OLDER OVERSEAS-BORN AUSTRALIANS - PRESENT AND FUTURE
Where do older overseas-born Australians live?
In 1996, New South Wales and Victoria had the largest concentrations of older overseas-born Australians (33% and 29% respectively). Both Victoria and Western Australia had higher proportions of the older overseas-born population than of the older Australian-born population (29% compared with 25% for Victoria, and 12% compared with 7% for Western Australia).
DISTRIBUTION OF OLDER AUSTRALIANS, SELECTED COUNTRIES OF BIRTH - 1996
Source: ABS 1996 Estimated Resident Population by Country of Birth.
Most States had high concentrations of older overseas-born Australians from specific countries. For example, 43% of older Australians born in Greece, 40% born in Italy and 37% born in Poland lived in Victoria. New South Wales had a very high concentration of older people born in China (57%). In South Australia, there were higher proportions of those born in the United Kingdom and Greece (both 13%) and Poland and Italy (both 12%) than of all older overseas-born Australians (10%). While Queensland had a relatively small proportion of older overseas-born Australians overall (13% compared with 19% of the older Australian-born population), over one-third (36%) of the older New Zealand-born lived there. Of older overseas-born Australians, the distribution of those born in the United Kingdom was most similar to that of older people born in Australia.
The older overseas-born population is more highly urbanised than older people born in Australia, with almost 80% living in capital cities in 1998, compared with 54% of the Australian-born. Those born in China and Greece were the most likely to live in capital cities (99% and 94% respectively), while those born in New Zealand were the least likely to live in the capital cities (58%).
PROPORTION OF OLDER AUSTRALIANS IN CAPITAL CITIES, SELECTED COUNTRIES OF BIRTH - 1998
(a) Excludes SARs and Taiwan Province.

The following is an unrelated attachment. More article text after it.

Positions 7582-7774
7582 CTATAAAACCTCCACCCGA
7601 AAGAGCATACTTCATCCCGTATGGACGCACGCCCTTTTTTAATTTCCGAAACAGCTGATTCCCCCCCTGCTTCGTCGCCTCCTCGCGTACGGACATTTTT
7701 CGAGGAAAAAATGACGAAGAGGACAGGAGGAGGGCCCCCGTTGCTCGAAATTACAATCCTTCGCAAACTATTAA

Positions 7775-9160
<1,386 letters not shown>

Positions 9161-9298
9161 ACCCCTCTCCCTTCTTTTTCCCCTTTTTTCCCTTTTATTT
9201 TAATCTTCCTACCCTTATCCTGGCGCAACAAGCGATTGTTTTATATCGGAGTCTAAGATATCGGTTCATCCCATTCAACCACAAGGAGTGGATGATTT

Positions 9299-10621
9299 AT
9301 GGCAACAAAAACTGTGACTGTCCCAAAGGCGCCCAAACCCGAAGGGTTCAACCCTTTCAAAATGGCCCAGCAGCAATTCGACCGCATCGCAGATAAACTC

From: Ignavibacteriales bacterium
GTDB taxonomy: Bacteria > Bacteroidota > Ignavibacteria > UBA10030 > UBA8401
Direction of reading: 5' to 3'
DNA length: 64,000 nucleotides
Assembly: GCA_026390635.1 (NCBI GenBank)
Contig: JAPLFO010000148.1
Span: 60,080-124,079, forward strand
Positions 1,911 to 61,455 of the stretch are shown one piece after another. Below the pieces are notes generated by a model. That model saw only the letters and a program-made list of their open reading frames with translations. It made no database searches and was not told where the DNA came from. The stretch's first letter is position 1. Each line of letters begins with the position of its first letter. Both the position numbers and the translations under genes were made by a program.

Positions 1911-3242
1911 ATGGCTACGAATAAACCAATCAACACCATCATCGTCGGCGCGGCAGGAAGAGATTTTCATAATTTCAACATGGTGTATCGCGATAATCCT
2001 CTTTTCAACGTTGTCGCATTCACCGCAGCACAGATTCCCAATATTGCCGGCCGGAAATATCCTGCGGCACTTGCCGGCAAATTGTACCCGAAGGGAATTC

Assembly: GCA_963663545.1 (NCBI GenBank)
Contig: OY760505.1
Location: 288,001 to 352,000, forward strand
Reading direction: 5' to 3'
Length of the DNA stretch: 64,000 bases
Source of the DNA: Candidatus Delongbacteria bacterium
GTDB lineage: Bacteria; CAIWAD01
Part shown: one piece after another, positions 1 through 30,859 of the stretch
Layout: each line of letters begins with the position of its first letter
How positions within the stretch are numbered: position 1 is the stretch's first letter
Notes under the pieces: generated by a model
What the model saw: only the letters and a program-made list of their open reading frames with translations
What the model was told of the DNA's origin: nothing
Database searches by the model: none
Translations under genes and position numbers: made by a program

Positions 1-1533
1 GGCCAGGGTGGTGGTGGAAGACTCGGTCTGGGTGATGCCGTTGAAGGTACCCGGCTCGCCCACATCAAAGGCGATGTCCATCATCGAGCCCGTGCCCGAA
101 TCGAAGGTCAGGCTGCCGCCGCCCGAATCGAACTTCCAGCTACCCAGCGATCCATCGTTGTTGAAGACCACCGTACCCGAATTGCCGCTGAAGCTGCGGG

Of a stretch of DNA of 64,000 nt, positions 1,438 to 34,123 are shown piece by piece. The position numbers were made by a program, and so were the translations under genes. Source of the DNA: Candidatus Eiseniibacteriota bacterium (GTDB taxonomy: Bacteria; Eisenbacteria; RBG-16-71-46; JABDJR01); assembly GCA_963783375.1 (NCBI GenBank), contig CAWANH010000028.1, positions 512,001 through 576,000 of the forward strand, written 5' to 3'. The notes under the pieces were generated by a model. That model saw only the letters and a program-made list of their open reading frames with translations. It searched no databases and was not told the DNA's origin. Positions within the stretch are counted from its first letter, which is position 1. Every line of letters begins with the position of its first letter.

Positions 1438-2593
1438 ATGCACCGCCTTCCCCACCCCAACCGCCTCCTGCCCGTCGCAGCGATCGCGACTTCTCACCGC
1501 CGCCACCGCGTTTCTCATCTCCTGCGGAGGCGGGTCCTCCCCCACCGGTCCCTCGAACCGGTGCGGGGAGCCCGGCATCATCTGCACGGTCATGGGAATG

(b) Total older overseas-born Australians.
Source: ABS 1998 Survey of Disability, Ageing and Carers.
Families are a major source of emotional and financial support. In Australia, most care for older people needing assistance is provided informally by family members, particularly partners and children. Living arrangements and the presence of family nearby thus has an impact on the level of support upon which older people can rely.
Despite the disrupting effect that immigration can have on families, by reducing the number of family members available to offer help, in 1998 older overseas-born Australians were more likely to be living with family members than those who were born in Australia (70% and 58% respectively).3 This is a reflection of the higher proportion of the older overseas-born who were married (60% compared with 53% of the Australian-born), along with lower proportions who were widowed (31% compared with 35%) and living alone (21% compared with 30%). Those born in Greece and the Former Yugoslav Republics were the most likely to be married (both around 75%) and to be living with family members (both over 80%).
SOCIAL AND HEALTH CHARACTERISTICS OF OLDER AUSTRALIANS - 1998
(b) Of those receiving assistance. More than one answer is possible, therefore components do not add to total.
Source: ABS 1998 Survey of Disability, Ageing and Carers.
Health and disability status
The health requirements placed on migrants as a condition of entry to Australia mean that, on the whole, the older overseas-born population enjoys good, if not better, health than their Australian-born counterparts.4 Older overseas-born Australians reported lower levels of disability (51% compared with 55%) and long-term health conditions (81% compared with 86%), according to the 1998 Survey of Disability, Ageing and Carers. While the figures in this article are crude rates, examination of age and sex standardised rates shows that the relatively young age profile of older overseas-born Australians does not account for the differences between the health status of this group and that of the older Australian-born.
Older people born in New Zealand and Italy were the most likely groups to have a disability. With 59% and 56% of these groups respectively having a disability, their disability rates were also higher than for those born in Australia. The New Zealand-born also had the highest proportion of all older populations (including the Australian-born) with a long-term health condition (89%). In comparison, those born in Germany had among the lowest rates of both disability and long-term health conditions (36% and 77% respectively).